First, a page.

Workers Break Strike Following Settlement

Union leaders for striking garment workers claimed they had been harassed by a gang of thugs affiliated with their factory and the government.

The strike at the 1,200-worker New Orient (Cambodia) Gar­ment Co started Nov 15. A group of thugs stole the strikers’ microphone that day and beat several strikers, said Meas Heurn, president of the factory union.

Worker Hai Sok Heng said the gang beat him and threatened to continue if he stayed in the strike. Factory security guards and police were of little help, he said, so he fled to Kom­pong Speu pro­vince for a few days. “But I am still afraid because they still want to beat me,” he said.

The strike was suspended for four days for the Water Festival and resumed Thursday, when 600 workers gave the National Assembly a list of demands.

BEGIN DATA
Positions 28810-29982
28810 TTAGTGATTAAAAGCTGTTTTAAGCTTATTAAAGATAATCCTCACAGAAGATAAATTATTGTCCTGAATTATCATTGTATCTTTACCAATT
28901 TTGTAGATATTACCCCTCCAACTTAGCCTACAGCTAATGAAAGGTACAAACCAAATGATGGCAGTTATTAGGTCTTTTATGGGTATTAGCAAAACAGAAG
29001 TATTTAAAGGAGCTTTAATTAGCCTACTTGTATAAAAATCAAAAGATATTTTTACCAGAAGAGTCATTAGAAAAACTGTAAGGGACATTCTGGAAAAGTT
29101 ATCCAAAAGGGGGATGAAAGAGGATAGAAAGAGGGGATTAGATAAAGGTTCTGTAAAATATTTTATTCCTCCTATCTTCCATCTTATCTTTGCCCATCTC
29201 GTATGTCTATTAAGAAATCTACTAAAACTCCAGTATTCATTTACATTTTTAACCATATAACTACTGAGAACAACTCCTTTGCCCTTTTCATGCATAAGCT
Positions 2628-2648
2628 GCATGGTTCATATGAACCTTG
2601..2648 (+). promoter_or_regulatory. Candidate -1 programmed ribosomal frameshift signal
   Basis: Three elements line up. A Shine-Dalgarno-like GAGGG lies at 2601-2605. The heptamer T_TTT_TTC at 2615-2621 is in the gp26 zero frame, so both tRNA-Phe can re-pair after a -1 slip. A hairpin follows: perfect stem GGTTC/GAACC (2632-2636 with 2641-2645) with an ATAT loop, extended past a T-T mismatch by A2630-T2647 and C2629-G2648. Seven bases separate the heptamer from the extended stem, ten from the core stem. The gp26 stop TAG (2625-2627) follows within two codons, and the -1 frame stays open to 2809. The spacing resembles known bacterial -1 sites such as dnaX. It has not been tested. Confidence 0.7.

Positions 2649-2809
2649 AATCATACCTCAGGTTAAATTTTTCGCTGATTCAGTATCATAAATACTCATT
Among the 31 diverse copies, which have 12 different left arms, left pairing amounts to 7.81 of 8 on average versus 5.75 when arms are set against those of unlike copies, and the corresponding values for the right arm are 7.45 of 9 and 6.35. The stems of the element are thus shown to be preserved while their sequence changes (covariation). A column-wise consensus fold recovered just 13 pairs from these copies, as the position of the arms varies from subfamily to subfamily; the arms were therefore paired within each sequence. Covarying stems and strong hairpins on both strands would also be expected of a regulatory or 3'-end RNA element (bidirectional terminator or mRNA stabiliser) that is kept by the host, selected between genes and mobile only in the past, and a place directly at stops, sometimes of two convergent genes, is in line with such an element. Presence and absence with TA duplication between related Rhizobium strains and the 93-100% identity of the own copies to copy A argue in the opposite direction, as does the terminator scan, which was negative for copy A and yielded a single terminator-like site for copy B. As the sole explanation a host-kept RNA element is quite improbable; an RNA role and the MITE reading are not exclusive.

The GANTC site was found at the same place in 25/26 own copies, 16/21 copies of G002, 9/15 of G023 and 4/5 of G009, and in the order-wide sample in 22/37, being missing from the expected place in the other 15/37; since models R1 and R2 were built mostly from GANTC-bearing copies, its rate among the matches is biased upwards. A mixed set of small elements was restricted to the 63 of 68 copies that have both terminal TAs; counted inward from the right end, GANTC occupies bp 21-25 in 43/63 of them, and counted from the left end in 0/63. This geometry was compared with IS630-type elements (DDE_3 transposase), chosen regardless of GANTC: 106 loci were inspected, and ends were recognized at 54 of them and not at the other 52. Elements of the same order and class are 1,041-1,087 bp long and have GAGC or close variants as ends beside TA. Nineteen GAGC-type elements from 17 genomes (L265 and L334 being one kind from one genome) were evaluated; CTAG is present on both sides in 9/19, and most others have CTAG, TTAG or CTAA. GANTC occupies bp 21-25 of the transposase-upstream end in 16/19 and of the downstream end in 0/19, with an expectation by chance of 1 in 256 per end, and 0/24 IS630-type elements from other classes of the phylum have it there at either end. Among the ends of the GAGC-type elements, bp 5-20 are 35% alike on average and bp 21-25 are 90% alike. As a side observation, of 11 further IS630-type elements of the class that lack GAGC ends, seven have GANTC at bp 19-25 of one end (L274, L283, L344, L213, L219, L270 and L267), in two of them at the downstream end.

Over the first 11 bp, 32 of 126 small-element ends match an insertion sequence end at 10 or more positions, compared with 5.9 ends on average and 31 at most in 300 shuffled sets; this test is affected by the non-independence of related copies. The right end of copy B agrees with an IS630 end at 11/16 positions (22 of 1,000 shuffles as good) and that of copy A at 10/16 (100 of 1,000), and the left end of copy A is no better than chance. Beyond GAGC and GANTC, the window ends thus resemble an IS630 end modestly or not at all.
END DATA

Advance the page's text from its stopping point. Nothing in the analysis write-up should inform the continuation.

Lawyer David Chanaiwa, an attorney for New Orient, said Friday evening the strike had been called off after an agreement was reached between factory management, workers and the Ministry of Labor.

Chanaiwa strongly denied the claims that thugs attacked the workers, saying the allegations of beatings were fabricated and the factory owners were not involved.

Thursday morning, the same gang stopped the workers near the Independence Monument as they walked toward the National Assembly and again stole their microphone, said Chhorn Sokha, president of the Coalition of Cambodia Apparel Workers, the umbrella group for the union.

“They tried to beat us [again]…

but did not succeed because we have a lot of people,” she said.

Chhorn Sokha confirmed Friday that workers and the factory reached an agreement.

The workers handed a list of demands to the National As­sembly, including higher wages, better treatment from Chinese managers, food money and a supply of work masks. Workers are still making only the $45 minimum wage after three years, Meas Heurn said.

(Additional reporting by Lor Chandara and Kevin Doyle)

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